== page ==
By reproducing, republishing, or redistributing the work of a copyright holder without permission, you may be violating that holder’s rights under the Copyright Act. If the copyright holder has registered the work with the U.S. Copyright Office prior to filing suit for infringement, the copyright holder may sue for compensation as well as for an injunction to cease further infringement. Court-ordered compensation may include attorneys’ fees and damages such as (i) the plaintiff’s lost profits or the defendant’s ill-gotten profits from the infringing activity or (ii) statutory damages ranging from $250 to $30,000 per infringing act (or up to $150,000 per infringing act if the court determines that the infringement was willful).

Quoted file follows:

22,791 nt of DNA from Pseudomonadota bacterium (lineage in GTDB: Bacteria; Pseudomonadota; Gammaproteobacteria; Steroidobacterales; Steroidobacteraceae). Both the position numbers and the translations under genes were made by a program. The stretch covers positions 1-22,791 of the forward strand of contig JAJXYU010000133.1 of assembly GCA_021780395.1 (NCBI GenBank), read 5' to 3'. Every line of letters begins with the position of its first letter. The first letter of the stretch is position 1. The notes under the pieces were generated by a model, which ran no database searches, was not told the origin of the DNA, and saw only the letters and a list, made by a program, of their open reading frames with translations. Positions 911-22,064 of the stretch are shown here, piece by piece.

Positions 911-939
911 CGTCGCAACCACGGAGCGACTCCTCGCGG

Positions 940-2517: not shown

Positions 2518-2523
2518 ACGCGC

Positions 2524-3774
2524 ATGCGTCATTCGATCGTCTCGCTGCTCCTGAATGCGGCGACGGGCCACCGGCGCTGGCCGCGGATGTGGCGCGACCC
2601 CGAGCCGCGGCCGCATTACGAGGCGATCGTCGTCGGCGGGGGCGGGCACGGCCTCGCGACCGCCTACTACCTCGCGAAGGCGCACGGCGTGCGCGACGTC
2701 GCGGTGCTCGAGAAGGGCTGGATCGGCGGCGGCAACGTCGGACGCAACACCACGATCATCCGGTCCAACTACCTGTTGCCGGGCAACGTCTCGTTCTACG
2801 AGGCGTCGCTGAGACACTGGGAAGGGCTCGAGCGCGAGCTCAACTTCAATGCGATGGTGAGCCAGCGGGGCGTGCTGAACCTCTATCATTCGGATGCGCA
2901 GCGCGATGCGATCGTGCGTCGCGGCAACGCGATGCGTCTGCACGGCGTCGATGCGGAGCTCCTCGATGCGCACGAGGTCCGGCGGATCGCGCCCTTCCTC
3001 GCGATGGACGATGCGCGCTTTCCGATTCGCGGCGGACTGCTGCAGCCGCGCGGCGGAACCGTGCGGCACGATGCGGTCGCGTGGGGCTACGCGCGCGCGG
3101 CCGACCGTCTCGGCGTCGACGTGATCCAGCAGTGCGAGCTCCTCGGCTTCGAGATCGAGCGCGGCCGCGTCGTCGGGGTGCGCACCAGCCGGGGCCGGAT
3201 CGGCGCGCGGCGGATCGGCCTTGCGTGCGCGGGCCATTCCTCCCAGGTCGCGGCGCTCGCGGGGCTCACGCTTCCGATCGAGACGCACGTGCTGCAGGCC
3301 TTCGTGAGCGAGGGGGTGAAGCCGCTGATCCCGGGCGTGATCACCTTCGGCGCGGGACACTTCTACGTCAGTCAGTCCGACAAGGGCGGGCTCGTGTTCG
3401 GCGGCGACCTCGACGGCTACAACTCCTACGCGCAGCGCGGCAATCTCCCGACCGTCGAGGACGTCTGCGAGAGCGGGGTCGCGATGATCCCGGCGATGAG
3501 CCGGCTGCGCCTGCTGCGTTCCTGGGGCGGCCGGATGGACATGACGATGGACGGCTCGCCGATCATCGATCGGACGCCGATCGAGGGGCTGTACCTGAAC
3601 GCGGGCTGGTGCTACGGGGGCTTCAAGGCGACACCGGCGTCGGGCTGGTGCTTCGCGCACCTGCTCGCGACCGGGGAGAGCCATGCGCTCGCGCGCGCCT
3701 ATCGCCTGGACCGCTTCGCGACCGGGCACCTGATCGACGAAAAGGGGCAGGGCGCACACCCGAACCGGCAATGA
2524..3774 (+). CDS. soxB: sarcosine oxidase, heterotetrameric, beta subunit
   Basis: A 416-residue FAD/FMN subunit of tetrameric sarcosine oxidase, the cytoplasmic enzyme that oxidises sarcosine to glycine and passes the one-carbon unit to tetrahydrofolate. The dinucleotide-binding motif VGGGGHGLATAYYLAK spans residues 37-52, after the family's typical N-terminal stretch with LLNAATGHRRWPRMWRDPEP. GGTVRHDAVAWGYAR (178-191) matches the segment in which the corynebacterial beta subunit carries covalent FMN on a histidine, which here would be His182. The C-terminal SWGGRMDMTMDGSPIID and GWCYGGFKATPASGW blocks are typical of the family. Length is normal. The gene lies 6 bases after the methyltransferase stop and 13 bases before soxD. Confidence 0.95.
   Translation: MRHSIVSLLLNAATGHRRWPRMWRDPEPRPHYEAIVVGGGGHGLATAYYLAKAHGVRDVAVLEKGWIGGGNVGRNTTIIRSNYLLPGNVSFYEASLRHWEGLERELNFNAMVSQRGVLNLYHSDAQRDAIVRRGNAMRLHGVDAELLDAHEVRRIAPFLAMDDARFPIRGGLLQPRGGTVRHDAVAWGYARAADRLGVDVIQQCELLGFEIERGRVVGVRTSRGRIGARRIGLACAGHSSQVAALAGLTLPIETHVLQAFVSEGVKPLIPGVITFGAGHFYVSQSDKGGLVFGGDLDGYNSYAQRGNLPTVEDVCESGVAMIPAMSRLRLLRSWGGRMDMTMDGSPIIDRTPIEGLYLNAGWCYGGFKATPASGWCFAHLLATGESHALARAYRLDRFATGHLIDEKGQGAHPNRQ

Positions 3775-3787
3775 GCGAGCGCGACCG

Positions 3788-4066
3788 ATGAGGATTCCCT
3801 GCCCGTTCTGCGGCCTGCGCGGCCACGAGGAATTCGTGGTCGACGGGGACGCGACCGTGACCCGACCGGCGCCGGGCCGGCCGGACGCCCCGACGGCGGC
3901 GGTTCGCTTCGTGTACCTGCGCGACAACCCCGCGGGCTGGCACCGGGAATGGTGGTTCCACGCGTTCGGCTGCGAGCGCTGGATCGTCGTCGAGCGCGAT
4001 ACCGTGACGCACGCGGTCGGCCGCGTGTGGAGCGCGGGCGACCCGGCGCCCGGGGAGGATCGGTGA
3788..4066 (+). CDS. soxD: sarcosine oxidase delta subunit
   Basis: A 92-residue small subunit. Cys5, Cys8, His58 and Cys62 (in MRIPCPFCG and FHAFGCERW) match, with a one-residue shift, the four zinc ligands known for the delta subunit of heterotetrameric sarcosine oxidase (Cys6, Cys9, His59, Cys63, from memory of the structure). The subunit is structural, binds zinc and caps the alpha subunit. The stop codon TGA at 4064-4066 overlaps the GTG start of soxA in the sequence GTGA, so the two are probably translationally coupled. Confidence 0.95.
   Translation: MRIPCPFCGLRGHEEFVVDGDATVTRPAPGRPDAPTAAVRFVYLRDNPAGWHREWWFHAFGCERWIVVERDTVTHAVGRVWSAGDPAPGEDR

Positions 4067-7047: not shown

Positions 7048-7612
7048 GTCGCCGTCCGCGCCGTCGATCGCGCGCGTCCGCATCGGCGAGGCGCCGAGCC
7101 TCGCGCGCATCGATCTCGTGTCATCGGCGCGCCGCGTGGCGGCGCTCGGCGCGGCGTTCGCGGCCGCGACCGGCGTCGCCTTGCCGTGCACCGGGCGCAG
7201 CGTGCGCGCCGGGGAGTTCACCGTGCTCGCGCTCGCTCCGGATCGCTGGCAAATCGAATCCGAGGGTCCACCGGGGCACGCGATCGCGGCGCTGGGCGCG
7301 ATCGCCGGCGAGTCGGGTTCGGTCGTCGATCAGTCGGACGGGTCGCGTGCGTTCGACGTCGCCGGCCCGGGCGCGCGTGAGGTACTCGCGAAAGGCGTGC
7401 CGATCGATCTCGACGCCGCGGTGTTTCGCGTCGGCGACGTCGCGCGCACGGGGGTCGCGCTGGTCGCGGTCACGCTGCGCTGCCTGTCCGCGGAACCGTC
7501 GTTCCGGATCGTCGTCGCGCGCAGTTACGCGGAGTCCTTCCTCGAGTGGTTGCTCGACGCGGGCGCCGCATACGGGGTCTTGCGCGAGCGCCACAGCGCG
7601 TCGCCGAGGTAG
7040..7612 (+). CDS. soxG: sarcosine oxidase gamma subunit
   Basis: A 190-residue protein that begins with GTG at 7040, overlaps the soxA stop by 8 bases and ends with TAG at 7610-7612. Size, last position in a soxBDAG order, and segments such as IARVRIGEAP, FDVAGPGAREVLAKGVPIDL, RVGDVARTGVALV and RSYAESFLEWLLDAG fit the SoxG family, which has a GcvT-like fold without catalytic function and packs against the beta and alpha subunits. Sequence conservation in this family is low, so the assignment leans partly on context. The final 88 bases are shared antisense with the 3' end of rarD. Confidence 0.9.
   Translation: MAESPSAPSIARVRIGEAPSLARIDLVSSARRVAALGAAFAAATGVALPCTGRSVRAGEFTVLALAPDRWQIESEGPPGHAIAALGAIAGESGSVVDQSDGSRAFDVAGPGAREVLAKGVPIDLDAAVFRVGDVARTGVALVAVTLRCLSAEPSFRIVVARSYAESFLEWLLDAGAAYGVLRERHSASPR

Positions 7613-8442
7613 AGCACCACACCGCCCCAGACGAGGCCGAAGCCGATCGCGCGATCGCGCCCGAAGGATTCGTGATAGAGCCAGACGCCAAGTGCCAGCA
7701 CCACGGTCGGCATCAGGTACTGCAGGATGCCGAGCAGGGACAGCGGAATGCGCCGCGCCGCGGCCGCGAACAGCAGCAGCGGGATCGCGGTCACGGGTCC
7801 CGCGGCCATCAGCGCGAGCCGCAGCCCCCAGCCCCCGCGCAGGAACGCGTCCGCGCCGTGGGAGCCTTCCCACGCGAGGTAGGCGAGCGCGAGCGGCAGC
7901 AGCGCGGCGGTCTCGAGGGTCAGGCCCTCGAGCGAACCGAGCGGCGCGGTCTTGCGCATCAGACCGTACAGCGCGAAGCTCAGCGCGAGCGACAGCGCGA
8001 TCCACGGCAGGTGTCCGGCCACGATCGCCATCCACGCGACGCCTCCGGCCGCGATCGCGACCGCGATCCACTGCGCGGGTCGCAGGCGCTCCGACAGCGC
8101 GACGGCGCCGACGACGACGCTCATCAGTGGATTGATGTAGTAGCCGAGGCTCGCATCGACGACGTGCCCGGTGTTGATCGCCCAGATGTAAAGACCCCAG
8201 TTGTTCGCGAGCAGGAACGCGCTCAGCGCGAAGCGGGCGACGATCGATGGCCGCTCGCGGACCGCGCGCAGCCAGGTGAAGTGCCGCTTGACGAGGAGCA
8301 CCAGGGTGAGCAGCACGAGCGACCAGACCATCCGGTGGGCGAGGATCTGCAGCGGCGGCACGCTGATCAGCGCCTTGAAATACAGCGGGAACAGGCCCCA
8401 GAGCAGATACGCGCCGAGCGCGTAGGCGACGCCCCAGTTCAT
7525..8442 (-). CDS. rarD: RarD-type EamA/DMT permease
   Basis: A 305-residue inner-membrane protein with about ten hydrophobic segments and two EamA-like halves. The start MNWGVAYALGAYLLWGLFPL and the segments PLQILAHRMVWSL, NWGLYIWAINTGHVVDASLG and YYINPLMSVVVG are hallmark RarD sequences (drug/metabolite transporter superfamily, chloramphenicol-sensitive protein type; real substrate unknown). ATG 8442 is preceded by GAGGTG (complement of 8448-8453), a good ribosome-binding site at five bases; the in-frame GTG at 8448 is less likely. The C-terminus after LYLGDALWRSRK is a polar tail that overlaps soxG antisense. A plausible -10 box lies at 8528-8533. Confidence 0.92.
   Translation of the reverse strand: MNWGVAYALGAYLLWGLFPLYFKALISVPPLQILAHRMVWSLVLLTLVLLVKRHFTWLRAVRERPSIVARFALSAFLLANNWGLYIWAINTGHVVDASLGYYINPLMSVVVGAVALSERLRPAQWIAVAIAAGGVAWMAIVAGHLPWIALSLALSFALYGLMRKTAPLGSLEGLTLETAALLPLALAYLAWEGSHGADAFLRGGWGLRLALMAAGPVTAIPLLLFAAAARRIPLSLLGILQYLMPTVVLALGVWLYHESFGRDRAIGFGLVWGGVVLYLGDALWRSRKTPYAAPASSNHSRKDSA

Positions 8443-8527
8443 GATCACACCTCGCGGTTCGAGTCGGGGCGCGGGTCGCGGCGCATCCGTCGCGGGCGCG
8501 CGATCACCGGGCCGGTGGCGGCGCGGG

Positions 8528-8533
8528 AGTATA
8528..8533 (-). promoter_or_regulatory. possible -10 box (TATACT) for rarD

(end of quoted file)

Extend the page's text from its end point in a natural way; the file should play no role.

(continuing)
All claims alleging violations of the Copyright Act must be brought in federal, not state, court. There is also an alternative, voluntary tribunal in the U.S. Copyright Office in which some so-called small copyright claims can be heard (those claims must have a monetary value of $30,000 or less).

You may also be criminally liable if you willfully copy a work for profit or financial gain, or if the copied work has a value of more than $1,000. In these cases, penalties can include a one-year jail sentence plus fines. If the value is more than $2,500, you may be sentenced to five years in jail plus fines. Criminal penalties generally apply to large-scale commercial piracy.

“International” Copyright
There is no such thing as an “international” copyright that automatically protects a work throughout the world. However, the Berne Convention, the principal international copyright treaty, states that once a work is protected in one of the Convention member countries, it is protected by copyright in all of them.

As of October 2020, 179 countries, including the United States, belong to the Berne Convention.